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The lavish 1948 production of Joan of Arc may not qualify as a great movie, but it scores a triumphant victory as a great DVD. Thanks to a stunning restoration by the renowned UCLA Film and Television Archive, this relic from Hollywood's golden age can now be appreciated in all its magnificent Technicolor glory, restored to its original theatrical length of 145 minutes after decades of truncated TV broadcasts. Under the direction of Victor Fleming (whose credits include Gone with the Wind and The Wizard of Oz), this is a stodgily respectable mini-epic, adapted from Maxwell Anderson's acclaimed play Joan of Lorraine and giving 33-year-old Ingrid Bergman one of her quirkiest star turns as the 19-year-old "Maid of Lorraine," destined by divinely inspired fate to rescue imperiled France from British occupation, and face trial on charges of witchcraft. Winner of three Oscars (for cinematography and costumes, and an honorary award to Producer Walter Wanger for boosting Hollywood's "moral stature") and five nominations (including acting nods for Bergman and José Ferrer, making his screen debut as the French Dauphin), the film suffers from an abundance of talky exposition and stage-bound incident, but the battle scenes are still rousing, Bergman glowing beatifically in polished armor and surrounded by a seasoned cast of studio-era character players in a rampant case of Hollywood anachronism (somehow, Ward Bond just doesn't belong in medieval France!). If you get bored during the slow parts, you can always marvel at the pristine restoration, full of heavenly sunbeams, masterful matte paintings, and enough colorful detail to make most 1948-vintage films pale by comparison. Frame by gorgeous frame, martyrdom never had a classier showcase. --Jeff Shannon ... Read more

Reviews (4)

For those who own or who have seen the "butchered" version of this 1948 classic, RUN, don't WALK to your nearest video store and get the newly restored, uncut version!!!

The art of film preservation has done a SPECTACULAR JOB on all counts!! The film is in its original 146 minute version and will disappoint no one. As one of the other reviews mentioned, this is THEEEE Joan of Arc movie of ALL Joan of Arc movies. No one can surpass Ingrid Bergman in her portrayal. This is the way movies were meant to be made.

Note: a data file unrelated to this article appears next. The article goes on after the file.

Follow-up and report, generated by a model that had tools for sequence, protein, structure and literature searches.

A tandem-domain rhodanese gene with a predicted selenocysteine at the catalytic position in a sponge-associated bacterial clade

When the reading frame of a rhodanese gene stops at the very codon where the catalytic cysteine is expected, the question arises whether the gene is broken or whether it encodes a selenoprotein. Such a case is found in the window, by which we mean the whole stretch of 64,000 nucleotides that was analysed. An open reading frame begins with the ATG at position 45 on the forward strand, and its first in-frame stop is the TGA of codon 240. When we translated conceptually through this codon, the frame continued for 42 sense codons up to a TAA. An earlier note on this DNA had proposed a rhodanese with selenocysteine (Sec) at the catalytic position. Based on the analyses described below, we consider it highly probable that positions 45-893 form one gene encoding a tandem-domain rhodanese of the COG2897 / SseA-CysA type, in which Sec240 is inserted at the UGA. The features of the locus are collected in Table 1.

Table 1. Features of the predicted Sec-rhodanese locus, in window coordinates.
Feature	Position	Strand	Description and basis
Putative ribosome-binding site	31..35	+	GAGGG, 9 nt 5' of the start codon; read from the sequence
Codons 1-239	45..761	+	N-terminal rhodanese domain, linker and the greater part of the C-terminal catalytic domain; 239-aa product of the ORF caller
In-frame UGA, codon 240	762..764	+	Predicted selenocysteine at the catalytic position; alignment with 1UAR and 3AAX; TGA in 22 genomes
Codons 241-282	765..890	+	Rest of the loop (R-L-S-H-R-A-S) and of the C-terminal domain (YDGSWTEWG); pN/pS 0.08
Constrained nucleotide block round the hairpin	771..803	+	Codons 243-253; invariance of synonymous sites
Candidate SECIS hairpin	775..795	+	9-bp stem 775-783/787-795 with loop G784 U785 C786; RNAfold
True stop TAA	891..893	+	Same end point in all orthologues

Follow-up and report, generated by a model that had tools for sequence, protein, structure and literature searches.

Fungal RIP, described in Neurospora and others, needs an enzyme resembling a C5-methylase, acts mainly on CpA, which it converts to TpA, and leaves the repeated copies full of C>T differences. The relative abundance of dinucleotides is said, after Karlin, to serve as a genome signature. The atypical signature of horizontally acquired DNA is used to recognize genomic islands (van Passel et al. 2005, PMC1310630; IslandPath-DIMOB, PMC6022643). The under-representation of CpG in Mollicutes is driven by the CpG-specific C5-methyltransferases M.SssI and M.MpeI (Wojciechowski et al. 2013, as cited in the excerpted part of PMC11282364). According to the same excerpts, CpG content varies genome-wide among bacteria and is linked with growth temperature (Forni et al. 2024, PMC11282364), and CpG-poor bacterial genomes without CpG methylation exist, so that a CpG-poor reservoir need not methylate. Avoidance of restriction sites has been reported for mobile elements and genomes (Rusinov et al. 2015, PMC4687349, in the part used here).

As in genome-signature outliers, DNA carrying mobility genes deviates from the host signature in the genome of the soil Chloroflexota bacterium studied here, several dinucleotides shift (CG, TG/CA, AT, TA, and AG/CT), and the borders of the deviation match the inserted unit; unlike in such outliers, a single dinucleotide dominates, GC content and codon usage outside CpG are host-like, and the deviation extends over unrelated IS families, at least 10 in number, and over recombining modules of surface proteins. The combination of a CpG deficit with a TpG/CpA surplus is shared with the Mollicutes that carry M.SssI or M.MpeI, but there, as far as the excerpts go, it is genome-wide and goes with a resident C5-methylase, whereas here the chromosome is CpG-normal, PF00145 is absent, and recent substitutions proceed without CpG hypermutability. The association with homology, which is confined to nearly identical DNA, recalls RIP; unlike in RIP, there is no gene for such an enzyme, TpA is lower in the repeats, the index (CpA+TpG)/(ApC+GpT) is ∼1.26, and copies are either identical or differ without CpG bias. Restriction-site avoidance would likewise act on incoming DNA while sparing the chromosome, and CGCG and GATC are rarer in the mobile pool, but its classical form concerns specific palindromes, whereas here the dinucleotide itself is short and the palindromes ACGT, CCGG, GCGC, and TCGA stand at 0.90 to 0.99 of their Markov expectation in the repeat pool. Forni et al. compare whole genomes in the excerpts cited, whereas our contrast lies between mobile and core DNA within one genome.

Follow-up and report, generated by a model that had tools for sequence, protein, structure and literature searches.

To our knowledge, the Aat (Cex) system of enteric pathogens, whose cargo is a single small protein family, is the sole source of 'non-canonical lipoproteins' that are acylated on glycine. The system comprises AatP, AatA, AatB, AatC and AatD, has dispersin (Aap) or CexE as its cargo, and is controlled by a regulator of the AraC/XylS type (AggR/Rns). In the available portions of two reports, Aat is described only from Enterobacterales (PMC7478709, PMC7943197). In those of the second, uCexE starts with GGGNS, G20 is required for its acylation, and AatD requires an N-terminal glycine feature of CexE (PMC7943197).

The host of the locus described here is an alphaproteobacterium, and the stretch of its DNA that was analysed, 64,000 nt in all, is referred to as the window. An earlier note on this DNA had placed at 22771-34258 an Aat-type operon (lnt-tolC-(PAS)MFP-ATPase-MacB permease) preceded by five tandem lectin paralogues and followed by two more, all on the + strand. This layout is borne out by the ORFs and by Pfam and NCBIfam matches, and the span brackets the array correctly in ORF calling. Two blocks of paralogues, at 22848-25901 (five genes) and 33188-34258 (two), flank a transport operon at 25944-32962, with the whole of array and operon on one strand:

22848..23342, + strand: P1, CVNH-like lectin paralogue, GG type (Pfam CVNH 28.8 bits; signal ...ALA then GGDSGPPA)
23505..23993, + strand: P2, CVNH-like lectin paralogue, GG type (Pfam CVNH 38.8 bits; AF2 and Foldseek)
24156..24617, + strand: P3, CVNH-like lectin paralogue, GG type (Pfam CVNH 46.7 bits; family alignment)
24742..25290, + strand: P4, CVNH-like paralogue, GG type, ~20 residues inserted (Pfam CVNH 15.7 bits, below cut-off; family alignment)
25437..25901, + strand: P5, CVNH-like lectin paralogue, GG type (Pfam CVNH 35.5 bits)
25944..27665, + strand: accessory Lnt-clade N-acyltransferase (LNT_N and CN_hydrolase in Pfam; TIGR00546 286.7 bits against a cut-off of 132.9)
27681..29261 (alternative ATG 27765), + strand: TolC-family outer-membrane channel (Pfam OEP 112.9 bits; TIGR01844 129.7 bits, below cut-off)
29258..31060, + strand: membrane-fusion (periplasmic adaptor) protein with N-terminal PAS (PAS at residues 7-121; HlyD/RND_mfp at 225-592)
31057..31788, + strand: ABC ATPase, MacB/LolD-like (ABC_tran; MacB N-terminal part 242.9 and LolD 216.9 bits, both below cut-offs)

Victor Fleming, who directed Gone With the Wind and The Wizard of Oz, directed this with equal finesse and this ranks among his finest work. He died shortly after the film's release. He would be proud to see that, now, with the original restored version, it has withstood the test of time just like "Wind" and "Oz".

The performances are stellar, the battle scenes terrific, the musical score outstanding and the cinematography in GLORIOUS TECHNICOLOR is unbelievable!!! This is film preservation at its very best, Hollywood movie making at its best!!!

Trust me....would that all films would have the happy ending of restoration and uncutting as this one has!!!

This is a true classic and I'd give it 20, 30 or 1000 stars!!!!!
They don't get much better than this!

5-0 out of 5 stars The real thing!
If you have been disappointed by the 100 minute video of JOAN OF ARC in the past, you will be delighted with this original version. This is the same version that I saw in 1949, immaculate and with nothing added or subtracted.

Anyone who knows anything about Saint Joan of Arc is deeply disappointed by the 100 minute video version which cut many parts essential to understanding Joan's complicated story. The full length version fills us in on the historical background through clever dialogue, portrays faithfully scenes from the trial in Joan's own words and best of all draws us in to the exciting, courageous and saintly life of one of history's unique figures. The brilliant colors and exquisite costumes make the film a visual feast! Ingrid Bergman's captivating performance reflects the profound affection that the actrice felt for Saint Joan.